Now take this bolt and buy a longer version of the same. Make sure you buy the new bolt with exactly the same threads. Buy 2 bolts and 4 nuts, or twice of that for insurance. A locally manufactured nut-bolt set available for 5rs will not work, as it will not screw into the place.

Simple way is to take the bolt, find a longer nut-bolt set such that the new nut will fit the stock bolt.

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The left two bolts are stock, from top and from side. The right bolt is the new one that I used. Fit the new longer bolts in the place, you are now ready to fit the spacer.

Constructing the spacer:

First measure how long do you need the rod to be. In the end, the product will look as below:

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The final product should be just a little wider than the indicators. You can measure the distance between rear indicators in inches, add an inch and subtract the length of two plastic door stoppers to arrive at the width of rod required.

Once you give this size to your welder, he will cut a MS pipe of 1" or lesser thickness, weld nuts to the two sides so that the two door stoppers can be screwed in.

Sorry for this dirty photo, but this is how the bar looks from below. You need to weld the 'ears' to the bar so that it doesn't touch the plastic rear fender.

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It does not touch the bike anywhere. Don't worry about getting any rust or anything from that. The bar's only point of contact is the nuts.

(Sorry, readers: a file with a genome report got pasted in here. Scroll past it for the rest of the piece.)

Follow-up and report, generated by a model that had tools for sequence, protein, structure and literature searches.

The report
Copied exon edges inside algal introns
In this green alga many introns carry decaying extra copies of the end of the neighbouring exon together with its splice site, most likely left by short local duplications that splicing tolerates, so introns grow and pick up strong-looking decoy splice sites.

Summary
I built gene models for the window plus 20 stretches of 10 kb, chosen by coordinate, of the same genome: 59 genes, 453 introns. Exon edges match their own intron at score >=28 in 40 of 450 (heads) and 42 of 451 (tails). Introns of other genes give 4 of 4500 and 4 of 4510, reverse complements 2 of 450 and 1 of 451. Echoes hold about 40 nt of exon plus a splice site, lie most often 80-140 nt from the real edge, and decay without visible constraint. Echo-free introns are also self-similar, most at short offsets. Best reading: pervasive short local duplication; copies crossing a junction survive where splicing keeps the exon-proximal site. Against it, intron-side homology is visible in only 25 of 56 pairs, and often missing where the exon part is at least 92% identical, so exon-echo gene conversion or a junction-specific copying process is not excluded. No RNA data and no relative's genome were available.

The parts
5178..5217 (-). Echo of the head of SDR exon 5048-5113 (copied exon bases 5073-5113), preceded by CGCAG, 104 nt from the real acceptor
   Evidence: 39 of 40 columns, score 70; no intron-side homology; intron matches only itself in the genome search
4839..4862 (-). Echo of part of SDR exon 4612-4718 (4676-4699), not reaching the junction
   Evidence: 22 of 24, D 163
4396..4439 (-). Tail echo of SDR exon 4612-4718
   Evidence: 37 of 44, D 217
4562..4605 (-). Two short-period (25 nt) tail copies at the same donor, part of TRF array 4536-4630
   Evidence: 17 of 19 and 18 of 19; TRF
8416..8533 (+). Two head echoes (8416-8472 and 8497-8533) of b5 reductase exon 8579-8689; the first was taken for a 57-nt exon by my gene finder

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Does it work? Extremely well. In my 3000kms ride, the pillion was never restricted in her movement because of the bags, and the bag never touched the silencer at any speed. The door stoppers are smooth at the outside, so the bag was not even scratched.

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The rear indicators may look at odd angles, but they are rubber mounted and hence can take a little bending - though very rare with this spacer.

This looks cool even without the luggage on. If you get this painted or powder coated (which I plan to) it will look even better. It is very easily removable and poses no possible damage to the bike.

Total Cost:

Less than Rs.200

Additionally, I found an efficient way of putting the saddle bags on the bike. Observe the above photo again. There are two straps for the Viaterra Rapide bags. (I tested few other bags as well, but this is the only bag that I found useful with pillion. Rest were too big that they didn't allow pillion to put her feet on the pegs.) You need to put the rear strap UNDER the pillion seat, then the front strap will come automatically at the space between rider and pillion. The bags hardly move at all, and you don't need to play with the straps to tie it down.